Maurice Simashko is a well-known Qazaqstani writer, Laureate of the Prize for Peace and Spiritual Accord, established by the President of Qazaqstan, a Winner of the Abai Literary Prize in 1986 for the translation into Russian language of Ilyas Yesenberlin's trilogy 'The Nomads’, author of numerous literary works on the history of Central Asia.
He is the author of 20 books published in record editions in more than 40 languages of the world. On the basis of scripts, written by him about ten films have been produced.
Maurice Simashko took part in the Second World War.
Maurice Simashko in one of his interviews to the question why he worked mainly with historical material, answered: ‘Because history repeats itself, because it teaches us to live’.
... ‘History ... I cannot say that I love History; it is not a correct word. I would rather say that I feel it with my heart ...’
‘Simashko’ is a writer's pseudonym, he made that name himself. Maurice Simashko was born on March 18, 1924 in Odessa (Ukraine), in an international family of a Jew from Odessa and a Volga German woman.
His father, David Shamis, worked as a bacteriologist in Ukraine, was arrested in 1937, but was soon released and later became the first director of the Qazaq Institute of Microbiology in Almaty.
His mother studied at the Faculty of Mathematics. The war caused to move Maurice Simashko’s family from Odessa to the Turkmen city of Mary (named after the ancient city of Merv).
After school, the future writer entered the two-year teacher’s institute, he studied there the Russian language and literature.
In 1943, upon his request he was sent to serve in the army. Maurice Simashko graduated from a sniper school and served on the Turkmen-Iranian border during the war.
In 1946, Maurice Simashko graduated from the Odessa Teachers' Institute, in 1950 he got a diploma of a journalist from the Qazaq University named after Kirov (now it is Al-Farabi Qazaq National University).
He worked as a journalist in different newspapers and magazines, particularly in Almaty he worked in a prestigious magazine ‘Prostor’ and Publishing House ‘Zhazushy’.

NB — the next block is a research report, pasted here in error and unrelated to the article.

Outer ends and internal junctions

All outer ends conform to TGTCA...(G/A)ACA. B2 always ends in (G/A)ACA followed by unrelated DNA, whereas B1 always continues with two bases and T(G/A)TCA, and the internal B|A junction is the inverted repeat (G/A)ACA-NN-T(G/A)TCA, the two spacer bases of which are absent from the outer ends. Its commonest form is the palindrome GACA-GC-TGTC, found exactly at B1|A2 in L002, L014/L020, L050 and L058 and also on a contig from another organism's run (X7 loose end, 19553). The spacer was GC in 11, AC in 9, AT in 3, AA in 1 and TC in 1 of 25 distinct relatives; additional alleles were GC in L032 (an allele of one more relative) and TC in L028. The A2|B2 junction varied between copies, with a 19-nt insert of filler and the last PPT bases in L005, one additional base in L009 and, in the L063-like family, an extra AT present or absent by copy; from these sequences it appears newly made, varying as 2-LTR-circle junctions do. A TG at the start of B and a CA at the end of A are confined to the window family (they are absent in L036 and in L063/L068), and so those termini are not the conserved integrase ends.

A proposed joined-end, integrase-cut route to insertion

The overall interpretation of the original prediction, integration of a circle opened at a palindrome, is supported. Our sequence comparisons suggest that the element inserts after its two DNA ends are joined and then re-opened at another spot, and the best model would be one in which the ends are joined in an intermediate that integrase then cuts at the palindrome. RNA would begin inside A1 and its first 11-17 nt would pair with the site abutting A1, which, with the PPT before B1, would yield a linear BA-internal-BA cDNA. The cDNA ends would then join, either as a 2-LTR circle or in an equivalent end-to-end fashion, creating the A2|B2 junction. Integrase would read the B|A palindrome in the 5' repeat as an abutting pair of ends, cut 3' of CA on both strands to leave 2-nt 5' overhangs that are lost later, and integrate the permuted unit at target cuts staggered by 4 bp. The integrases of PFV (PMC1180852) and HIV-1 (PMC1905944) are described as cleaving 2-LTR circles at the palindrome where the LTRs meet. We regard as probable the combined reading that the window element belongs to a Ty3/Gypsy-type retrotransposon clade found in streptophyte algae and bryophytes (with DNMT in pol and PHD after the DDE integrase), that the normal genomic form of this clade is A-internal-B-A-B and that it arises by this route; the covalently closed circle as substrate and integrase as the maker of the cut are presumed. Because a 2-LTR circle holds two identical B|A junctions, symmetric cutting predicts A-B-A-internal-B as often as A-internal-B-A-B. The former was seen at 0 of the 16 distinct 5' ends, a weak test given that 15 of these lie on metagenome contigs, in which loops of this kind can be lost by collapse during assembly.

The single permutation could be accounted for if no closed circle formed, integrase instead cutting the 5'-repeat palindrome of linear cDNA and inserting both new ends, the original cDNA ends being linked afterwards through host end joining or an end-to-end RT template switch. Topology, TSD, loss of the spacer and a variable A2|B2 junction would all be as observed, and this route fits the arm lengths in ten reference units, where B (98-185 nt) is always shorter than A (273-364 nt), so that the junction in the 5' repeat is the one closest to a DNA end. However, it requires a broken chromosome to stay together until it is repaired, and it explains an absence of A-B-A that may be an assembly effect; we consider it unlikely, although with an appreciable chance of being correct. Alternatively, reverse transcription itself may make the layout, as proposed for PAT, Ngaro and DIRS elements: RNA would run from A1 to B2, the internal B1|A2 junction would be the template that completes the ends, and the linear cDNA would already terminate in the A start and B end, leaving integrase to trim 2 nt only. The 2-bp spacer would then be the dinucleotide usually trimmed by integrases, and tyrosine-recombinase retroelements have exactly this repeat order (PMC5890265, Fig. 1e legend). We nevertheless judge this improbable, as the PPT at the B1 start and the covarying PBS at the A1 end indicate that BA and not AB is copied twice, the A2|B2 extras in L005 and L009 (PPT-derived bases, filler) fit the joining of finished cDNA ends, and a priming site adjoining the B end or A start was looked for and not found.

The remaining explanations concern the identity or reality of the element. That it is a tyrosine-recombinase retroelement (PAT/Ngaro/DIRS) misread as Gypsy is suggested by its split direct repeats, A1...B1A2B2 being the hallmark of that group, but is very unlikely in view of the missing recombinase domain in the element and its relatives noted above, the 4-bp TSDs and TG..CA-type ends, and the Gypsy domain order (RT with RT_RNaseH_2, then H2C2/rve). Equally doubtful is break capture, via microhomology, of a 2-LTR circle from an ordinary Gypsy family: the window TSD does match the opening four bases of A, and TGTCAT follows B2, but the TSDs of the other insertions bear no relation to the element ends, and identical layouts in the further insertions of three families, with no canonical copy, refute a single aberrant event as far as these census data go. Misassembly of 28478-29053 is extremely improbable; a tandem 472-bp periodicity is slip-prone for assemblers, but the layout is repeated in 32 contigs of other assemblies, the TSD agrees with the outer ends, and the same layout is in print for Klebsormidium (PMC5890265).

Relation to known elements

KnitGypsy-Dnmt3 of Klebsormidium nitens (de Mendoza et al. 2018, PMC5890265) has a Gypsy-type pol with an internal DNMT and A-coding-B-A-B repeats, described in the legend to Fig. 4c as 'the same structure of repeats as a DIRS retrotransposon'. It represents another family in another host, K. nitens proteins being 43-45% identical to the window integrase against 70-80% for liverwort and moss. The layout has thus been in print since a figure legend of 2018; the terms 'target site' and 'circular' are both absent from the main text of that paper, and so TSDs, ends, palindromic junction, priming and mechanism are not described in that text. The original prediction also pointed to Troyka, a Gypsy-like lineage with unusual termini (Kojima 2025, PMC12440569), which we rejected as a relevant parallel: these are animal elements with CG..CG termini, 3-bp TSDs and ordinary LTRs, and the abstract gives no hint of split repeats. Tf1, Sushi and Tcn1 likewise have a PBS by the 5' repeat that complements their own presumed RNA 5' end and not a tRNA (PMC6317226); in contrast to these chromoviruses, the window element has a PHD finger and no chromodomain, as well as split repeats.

He was a member of the Writers' Union of Qazaqstan, a Head of the Qazaq PEN-club. He became a prominent Qazaqstani writer and a translator from the Qazaq language.
The most famous literary works of Maurice Simashko are: ‘The Tales of Red and Black Sands’ (they included: ‘Fragha’s Temptation’, ‘Emshan’, ‘Parthian Ballad’, ‘In Black Sands’, ‘Hadj Khayyama’); the novels ‘Gu-ga’, ‘Mazdak’ (1971), ‘The Atonement of Dabir’ (1979), ‘A Commissioner Zhangildin’ (1978), ‘The Bell’ (1982), ‘Semiramide’ (1988) and his last novel ‘The Fourth Rome’.
One of the most famous works of Maurice Simashko is the story ‘Emshan’. It tells about how the renowned ruler of Egypt, Sultan Beibars, who was got out of the native country and his relatives as a child, leaves his throne in Egypt and returns home as an ordinary wanderer.
The novel ‘Semiramide’ is about the era of Catherine II. In this novel, Maurice Simashko talks about the genesis of the Russian Enlightenment, tracing its development from the beginnings of Peter I to Catherine's times. This book by Maurice Simashko in 1999 was nominated by the International PEN Club and the Union of Writers of Qazaqstan for the Nobel Prize in Literature.
The other well-known piece of art of Maurice Simashko is an autobiographical novel ‘Gu-ga’, on the basis of which Odessa Film Studio produced two-part film. This novel is devoted to the front-line life of the penal battalion. The plot is based on the biography of the writer who, during the war, found out himself in the penal battalion. Maurice Simashko was one of the few authors who told the truth about how the ‘suicide bombers’ fought. They fought on the front line, they were sent to the most disastrous places, and there was a firing squad behind the penal battalion - so that they would only move forward, otherwise each of them could be shot ... The cry ‘Gu-ga!’ was the war cry of ‘suicide bombers’.
His last book ‘The Fourth Rome’, in the opinion of readers and literary critics, is an outcome of the writer’s life. For many years, the “Fourth Rome” existed only in a handwritten version.
At the end of his life, in 1999, at the age of 75, Maurice Simashko went to his historic homeland, Israel. Unfortunately, after a year the writer passed away ... They say he missed Qazaqstan, his friends and readers.
Being in Israel Maurice Simashko sent a handwritten version of the book to his close friend Leonid Hirsch. He put a lot of efforts to make it possible to publish the handwritten version of the book as a printed publication.
The full-length documentary ‘The Worlds of Maurice Simashko’, filmed by director Alexander Golovinsky at the Kazakhfilm Studio named after Shaken Aimanov, was awarded the special prize of the ‘Literaturnaya Gazeta’ (The Literary Journal).
The film was shot on the basis of an autobiographical book by Maurice Simashko ‘The Fourth Rome’. It tells us how his novels ‘Mazdak’ and ‘Semiramide’ appeared. The film shows some interviews with the author himself.
The documentary for the first time was demonstrated on December 11, 2015 in Almaty.
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